Monday, October 31, 2016

Rejoicing in Reformation Day

(This is a revision of a post from Oct. 31, 2012.)

Happy Reformation Day!

As evangelical Christians, we should rejoice in this day and what it represents. On Oct. 31, 1517, a Catholic monk named Martin Luther nailed his “95 Theses” to the church door in Wittenberg, Germany. That event helped set off the Reformation, which continued for decades and still affects us today. We will celebrate the 500th anniversary of this history-changing event next year, God willing.

That reform came at great cost to Luther and many others, and we continue to benefit from their sacrifice and the truths they recovered, stood for and proclaimed. The issues that produced the Protestant and evangelical movements remain important today.

The truths of the Reformation are often summarized as the five solas. That word, sola, means “only” or “alone.” The five are: Scripture alone; Christ alone; grace alone; faith alone, and the glory of God alone.

The use of the word “alone” is important. For instance, the Roman Catholic Church did not deny Scripture had authority; it said Scripture was not the sole final authority.

As we think about the Reformation ignited by Luther on this date 499 years ago, let us remind ourselves of these truths:

-- Scripture alone is our final authority, not Scripture plus an individual, council, church, tradition, experience or document.

-- Christ alone is our mediator with God, not Christ plus any human righteousness or accomplishment.

-- Grace alone is the way of salvation, not grace plus any human work or method.

-- Faith alone is the means of justification, not faith plus any human merit or infusion of Christ’s righteousness.

-- The glory of God alone is the purpose of life, not His glory plus that of any other.

As those saved by grace alone through faith alone because of Christ alone, may we hold onto these truths as we recognize our ongoing need for reformation in our own lives.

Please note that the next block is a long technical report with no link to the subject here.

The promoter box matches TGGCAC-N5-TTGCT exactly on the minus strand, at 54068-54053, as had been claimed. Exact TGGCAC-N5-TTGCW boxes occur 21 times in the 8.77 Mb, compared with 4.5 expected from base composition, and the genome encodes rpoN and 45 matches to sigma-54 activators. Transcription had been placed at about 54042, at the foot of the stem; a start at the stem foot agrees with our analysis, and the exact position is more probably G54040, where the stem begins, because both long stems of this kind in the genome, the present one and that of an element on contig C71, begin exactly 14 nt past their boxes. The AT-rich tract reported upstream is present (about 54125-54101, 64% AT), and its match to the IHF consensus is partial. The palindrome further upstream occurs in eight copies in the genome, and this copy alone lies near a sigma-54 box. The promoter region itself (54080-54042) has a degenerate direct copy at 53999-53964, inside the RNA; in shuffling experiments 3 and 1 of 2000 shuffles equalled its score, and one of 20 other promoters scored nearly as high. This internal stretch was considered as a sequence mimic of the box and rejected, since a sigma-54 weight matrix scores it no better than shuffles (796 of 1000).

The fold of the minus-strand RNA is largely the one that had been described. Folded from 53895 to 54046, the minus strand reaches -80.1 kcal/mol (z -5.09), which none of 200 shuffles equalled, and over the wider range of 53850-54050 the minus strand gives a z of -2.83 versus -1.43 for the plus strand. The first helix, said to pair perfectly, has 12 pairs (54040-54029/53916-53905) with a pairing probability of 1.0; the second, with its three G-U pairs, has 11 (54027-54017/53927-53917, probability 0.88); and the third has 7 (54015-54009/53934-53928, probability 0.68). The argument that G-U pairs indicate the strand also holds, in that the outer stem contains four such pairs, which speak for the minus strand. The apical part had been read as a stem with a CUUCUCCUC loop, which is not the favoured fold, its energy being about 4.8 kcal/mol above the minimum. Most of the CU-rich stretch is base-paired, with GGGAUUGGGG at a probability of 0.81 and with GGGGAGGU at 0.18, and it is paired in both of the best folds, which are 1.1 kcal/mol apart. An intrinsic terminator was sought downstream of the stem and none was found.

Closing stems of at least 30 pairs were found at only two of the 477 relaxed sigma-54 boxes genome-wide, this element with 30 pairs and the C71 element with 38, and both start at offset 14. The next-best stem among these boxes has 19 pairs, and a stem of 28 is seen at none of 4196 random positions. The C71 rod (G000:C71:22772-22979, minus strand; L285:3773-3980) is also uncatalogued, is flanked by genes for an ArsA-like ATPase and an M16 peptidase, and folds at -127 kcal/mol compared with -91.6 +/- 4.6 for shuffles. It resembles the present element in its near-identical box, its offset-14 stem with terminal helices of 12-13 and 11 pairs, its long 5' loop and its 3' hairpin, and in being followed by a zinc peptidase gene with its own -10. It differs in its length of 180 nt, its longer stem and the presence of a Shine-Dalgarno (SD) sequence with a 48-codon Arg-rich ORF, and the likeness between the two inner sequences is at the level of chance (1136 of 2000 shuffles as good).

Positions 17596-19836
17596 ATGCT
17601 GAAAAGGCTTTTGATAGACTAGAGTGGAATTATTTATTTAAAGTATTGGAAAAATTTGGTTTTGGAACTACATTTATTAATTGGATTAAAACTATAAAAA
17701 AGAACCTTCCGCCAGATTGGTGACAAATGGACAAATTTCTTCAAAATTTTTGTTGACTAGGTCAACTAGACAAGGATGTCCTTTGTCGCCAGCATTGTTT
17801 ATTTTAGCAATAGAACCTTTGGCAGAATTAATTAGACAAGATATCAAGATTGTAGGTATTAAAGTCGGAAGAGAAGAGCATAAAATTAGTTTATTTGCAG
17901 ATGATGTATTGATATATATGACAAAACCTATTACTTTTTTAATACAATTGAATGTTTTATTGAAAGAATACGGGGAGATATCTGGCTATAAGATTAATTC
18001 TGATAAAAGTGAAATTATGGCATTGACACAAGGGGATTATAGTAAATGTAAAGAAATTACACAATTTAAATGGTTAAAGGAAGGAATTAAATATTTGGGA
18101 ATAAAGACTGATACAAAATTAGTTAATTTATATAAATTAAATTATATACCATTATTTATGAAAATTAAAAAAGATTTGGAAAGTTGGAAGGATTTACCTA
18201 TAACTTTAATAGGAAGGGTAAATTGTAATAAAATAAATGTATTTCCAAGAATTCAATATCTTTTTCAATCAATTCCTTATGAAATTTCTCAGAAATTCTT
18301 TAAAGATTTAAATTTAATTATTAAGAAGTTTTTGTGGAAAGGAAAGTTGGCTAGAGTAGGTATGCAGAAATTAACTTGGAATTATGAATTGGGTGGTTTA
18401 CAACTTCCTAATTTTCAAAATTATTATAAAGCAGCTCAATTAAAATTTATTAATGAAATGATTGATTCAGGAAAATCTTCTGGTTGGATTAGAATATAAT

Wednesday, October 26, 2016

The evangelical election audit: Where is grace?

Two weeks from today, we will have a new president and a new Congress -- barring results that leave the election winners undetermined.

The pundits and many other Americans will likely be conducting postmortems already, and some of our fellow evangelical Christians may be providing similar examinations of our movement. There will be much for evangelicals to discuss, and lots of it will be painful.

Even before election day, here is the first of my observations as an evangelical about evangelicals and this presidential campaign:

Some of us have failed to extend grace to each other.

The division over Republican nominee Donald Trump has not always shown us at our best. Some on both sides have fallen short. The harshness in rhetoric toward others seemed to be more from the #NeverTrump band in the primaries. It appears to have switched to the Trump-supporting evangelicals since the GOP convention.

Passions still run high. Both sides are convinced of their positions. It is difficult in such situations not to lash out, convinced ours is the only possible way for a Christian to think.

But we can, and must, do better. We sin if we don't. Amid our disagreement over what to do in this election, we who were enemies of Christ before He made us His own should not treat one another as enemies. We are brothers and sisters through His blood. We may have a family disagreement, but we should give each other not only the benefit of the doubt but, as pastor/blogger Scotty Smith recently said, the benefit of grace.

It is not the unanimity of our votes but the love we have for one another that enables the world to see in the church what God is like (I John 4:11-12).

We have almost two weeks left. May we express our differences before Nov. 8 with the desire to understand and the devotion to love one another. And may we do so in every election hereafter.